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Valley News Dispatch

DA: Elizabeth Borough police's use of force 'not inappropriate'

Ben Schmitt
| Thursday, Jan. 5, 2017, 4:18 p.m.

An Elizabeth Borough police officer did not use excessive force when he fought with and used a Taser on a drug suspect in his custody, the Allegheny County District Attorney's Office said Thursday.

The April 17, 2015, incident involving Officer Garrett Kimmell and the suspect, Joshua Brooks, was captured on police department video, which was released Wednesday as part of a federal lawsuit against Kimmell and the borough. A second officer, Dan Verno, also is named in the lawsuit for failing to intervene.

“In September 2016, our office reviewed the videotape concerning the arrest of Joshua Brooks and, after consulting with a use of force expert, determined that the actions of the arresting officer were not inappropriate given the circumstances,” Mike Manko, a spokesman for District Attorney Stephen A. Zappala Jr., said in a prepared statement.

After the altercation, officers filed 29 charges, including aggravated assault of a police officer, resisting arrest, obstructing administration of law and simple assault, among others, along with drug-related offenses.

Brooks, 21, of East Pittsburgh spent two months in jail with a $50,000 bond, said his defense attorney, Lena Bryan-Henderson.

All of the charges except drug possession were dismissed before a Dec. 13 trial in Allegheny County Common Pleas Court. Brooks pleaded guilty to the possession charge, which involved heroin, and was sentenced to six months' probation.

“Our office also determined in preparation for trial, which took place last month, that we could not sustain our burden of proof on the charges of assault that had been filed against Brooks, in part because the arresting officer did not sustain any serious bodily injury,” Manko said. “For that reason, all charges other than the drug possession charge were withdrawn.”

She said the district attorney's office had a copy of the videotape “from the beginning.”

“I wish that the DA's office would have looked at this case earlier and said, ‘We should withdraw the charges against this young man,'” Bryan-Henderson said. “I am thankful that they finally did do that. It would have been helpful had they done it earlier.”

Manko declined to comment further.

On Wednesday, Pittsburgh attorney Todd Hollis filed a federal civil rights lawsuit on behalf of Brooks against Kimmell, Verno and the borough. Hollis said he waited to release the video until Brooks' criminal matter was resolved.

Elizabeth Police Chief Timothy Butler declined comment Thursday. He referred the matter to borough Solicitor Krisha A. DiMascio, who did not return phone calls.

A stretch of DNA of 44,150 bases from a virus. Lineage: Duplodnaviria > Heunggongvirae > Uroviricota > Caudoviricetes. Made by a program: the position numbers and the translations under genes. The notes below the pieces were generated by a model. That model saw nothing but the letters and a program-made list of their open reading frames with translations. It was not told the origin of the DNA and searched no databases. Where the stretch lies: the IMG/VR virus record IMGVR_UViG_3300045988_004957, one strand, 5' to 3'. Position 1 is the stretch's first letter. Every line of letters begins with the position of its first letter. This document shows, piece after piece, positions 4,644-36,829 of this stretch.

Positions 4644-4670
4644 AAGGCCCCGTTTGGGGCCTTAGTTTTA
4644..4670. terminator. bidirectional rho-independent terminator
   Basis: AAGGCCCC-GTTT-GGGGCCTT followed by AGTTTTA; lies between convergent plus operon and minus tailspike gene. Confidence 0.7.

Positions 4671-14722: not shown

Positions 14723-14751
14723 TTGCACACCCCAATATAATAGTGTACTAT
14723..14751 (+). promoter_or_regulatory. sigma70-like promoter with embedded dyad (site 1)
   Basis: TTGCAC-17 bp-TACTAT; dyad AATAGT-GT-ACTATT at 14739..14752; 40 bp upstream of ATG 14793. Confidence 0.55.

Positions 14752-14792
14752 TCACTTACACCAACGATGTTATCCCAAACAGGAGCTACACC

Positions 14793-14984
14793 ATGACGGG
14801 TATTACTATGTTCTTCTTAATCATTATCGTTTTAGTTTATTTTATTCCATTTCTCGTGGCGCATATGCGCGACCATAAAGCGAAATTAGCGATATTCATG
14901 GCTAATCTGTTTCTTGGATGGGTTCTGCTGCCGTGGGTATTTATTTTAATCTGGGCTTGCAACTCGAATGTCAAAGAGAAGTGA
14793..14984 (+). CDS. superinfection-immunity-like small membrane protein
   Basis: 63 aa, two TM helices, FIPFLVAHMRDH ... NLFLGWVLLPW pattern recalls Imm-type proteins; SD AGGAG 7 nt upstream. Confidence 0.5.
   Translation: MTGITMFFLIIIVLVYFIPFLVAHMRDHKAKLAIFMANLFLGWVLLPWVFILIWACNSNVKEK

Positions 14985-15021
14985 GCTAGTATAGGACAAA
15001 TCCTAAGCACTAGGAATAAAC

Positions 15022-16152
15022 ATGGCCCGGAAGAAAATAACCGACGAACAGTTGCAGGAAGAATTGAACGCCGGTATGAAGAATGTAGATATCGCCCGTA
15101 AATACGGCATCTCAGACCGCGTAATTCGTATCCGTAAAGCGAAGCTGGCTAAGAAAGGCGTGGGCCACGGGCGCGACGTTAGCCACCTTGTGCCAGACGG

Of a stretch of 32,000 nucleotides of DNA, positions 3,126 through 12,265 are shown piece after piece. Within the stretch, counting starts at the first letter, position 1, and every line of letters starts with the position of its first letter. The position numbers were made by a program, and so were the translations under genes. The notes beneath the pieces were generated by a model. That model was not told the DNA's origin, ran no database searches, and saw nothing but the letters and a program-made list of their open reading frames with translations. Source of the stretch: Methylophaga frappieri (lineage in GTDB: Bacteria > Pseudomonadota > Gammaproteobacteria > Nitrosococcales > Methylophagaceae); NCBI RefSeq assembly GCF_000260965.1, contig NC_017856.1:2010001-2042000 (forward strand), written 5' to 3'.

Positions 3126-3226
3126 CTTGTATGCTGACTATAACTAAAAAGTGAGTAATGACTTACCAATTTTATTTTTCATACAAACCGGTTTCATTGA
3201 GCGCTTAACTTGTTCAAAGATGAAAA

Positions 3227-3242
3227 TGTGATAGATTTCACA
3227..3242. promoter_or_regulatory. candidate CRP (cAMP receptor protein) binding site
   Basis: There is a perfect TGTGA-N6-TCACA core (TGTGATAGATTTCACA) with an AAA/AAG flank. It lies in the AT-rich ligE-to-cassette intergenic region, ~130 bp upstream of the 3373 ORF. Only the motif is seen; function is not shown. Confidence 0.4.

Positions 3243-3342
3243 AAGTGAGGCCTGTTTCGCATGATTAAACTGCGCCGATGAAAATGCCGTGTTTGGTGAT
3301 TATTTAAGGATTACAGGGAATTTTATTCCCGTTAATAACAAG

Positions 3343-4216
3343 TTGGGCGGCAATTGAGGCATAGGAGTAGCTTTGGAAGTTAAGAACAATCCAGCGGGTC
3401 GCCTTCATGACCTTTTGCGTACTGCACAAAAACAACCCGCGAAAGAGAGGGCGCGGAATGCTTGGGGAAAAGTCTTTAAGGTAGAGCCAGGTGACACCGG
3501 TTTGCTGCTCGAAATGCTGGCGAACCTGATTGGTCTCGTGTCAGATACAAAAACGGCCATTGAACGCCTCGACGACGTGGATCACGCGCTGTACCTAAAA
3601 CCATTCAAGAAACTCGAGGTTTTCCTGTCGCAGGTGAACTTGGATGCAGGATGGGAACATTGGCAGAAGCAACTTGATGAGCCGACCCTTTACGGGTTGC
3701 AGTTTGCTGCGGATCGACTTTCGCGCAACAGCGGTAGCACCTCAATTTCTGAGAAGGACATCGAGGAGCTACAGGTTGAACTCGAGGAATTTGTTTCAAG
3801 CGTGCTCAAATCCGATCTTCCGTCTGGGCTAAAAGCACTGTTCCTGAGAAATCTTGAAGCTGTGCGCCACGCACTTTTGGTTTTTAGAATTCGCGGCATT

The initial incident began after Kimmell arrested Brooks on suspicion of heroin possession. Kimmell confronted Brooks, whose leg was shackled to a bench, at the police station. A surveillance video, which has no audio, captured the nearly three-minute scuffle.

Hollis wrote in his lawsuit that Kimmell “delivered multiple blows to Brooks, using his forearms, elbows and knees.”

The video shows Brooks fighting back. Hollis contended Brooks “lifted Kimmell and held him backward against the wall in an effort to restrain him and stop (Kimmell's) use of unnecessary force.”

During the video, a second officer enters the room and pulls Brooks off Kimmell.

“Kimmell then drew his Taser and Tasered Brooks,” Hollis wrote in the lawsuit.

The lawsuit alleges Brooks, who had one arm in a cast, stood up from the bench once while in police custody and refused to sit down, which precipitated the fight.

“When Brooks declined to sit back down, Kimmell began to come toward Brooks,” Hollis wrote in the lawsuit. “In the police report prepared by Kimmell, he justifies choking Brooks to get him to sit back down and to remove Brooks' hand from Kimmell's Taser.”

The video, Hollis said, shows that Brooks never reached for Kimmell's Taser.

Bryan-Henderson said her client was choking and responded in an attempt to save his life.

“It's obvious on tape that my client was attacked,” she said, “and he did not fight back until there was nothing else for him to do.”

Ben Schmitt is a Tribune-Review staff writer. Reach him at 412-320-7991 or bschmitt@tribweb.com.

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